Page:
After 22 years, the 'most-delayed game in history' steals Duke Nukem Forever's crown by finally releasing on the GBA

Kien's start-up screen on the Game Boy Advance
(Image credit: Incube8 Games)

A Game Boy Advance action game 20 years in the making has finally come out and it might have just snatched the record for the most-delayed release of all time.

You've probably never heard of GBA's Kien - because it actually never released. In 2002, an Italian game studio had to shelve its fantasy side-scrolling action game about a warrior and a priestess because its publisher decided that spending more money on costly cartridges was too much of a risk. "The amount of capital required just to print the initial copies was daunting, especially since the chances of commercial success were low, based on industry trends at the time," original game designer Fabio Belsanti said in an interview with The Guardian.

Belstani has now returned to the project he said goodbye to 22 years ago as Kien, miraculously, just came out on the handheld it was always intended for. No, really - there's not a Steam or console port in sight, Kien is only available as a physical cartridge for the GBA. Kien's revival was made possible thanks to the recent retro gaming boom, Belstani says. "I believe we are in a phase similar to [the revival of] vinyl or cassettes for music." The antiquated release isn't just a cool, attention-grabbing gimmick though; Belstani believes there's a certain magic in going back to old hardware that "created a bridge between the artwork and the pixels, and filled every limit and absence with fantastic stories."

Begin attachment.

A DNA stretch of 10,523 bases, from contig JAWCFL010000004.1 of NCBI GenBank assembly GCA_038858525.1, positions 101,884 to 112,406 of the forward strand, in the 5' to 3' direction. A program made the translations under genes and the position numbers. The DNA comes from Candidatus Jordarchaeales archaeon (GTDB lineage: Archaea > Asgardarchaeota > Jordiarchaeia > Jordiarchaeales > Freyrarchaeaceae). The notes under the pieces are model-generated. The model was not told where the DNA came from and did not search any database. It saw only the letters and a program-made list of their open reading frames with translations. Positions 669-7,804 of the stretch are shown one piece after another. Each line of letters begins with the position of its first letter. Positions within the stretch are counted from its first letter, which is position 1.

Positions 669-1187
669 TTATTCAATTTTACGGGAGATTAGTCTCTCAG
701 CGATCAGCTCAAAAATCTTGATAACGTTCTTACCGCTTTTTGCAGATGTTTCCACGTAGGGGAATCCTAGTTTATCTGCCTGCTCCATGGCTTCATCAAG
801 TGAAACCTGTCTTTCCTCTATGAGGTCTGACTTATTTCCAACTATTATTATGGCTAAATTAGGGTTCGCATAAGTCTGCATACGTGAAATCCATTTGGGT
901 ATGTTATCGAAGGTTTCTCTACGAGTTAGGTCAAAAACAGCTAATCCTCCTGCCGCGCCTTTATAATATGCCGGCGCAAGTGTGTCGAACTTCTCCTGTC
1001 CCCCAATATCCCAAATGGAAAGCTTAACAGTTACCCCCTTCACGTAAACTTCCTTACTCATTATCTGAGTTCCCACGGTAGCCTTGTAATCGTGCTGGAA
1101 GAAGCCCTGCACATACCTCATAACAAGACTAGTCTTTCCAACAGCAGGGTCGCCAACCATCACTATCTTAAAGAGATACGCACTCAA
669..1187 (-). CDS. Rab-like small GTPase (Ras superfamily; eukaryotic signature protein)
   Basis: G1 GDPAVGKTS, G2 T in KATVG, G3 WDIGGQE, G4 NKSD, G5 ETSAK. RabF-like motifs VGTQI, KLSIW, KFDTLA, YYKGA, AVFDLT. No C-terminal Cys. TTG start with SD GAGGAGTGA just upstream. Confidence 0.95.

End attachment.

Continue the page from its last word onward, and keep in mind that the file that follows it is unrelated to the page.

Depending on your criteria (does cancelation count as a delay?), Kien's 22-year-long development snatches the crown from the much-delayed and much-memed Duke Nukem Forever, which took 15 years to release, and similarly-once-canceled NES platformer 40 Winks, which took 18 years, to become the most-delayed game to ever see the light of day. Kien won't be holding on to the record for long, however, as Shantae Advance is also returning from the grave sometime in 2025 after also starting development in 2002.

Developer AgeOfGames is reportedly already working on a spiritual successor that will hopefully release before 2046.

For now, check out the upcoming indie games of 2024 and beyond.

Freelance contributor

Kaan freelances for various websites including Rock Paper Shotgun, Eurogamer, and this one, Gamesradar. He particularly enjoys writing about spooky indies, throwback RPGs, and anything that's vaguely silly. Also has an English Literature and Film Studies degree that he'll soon forget.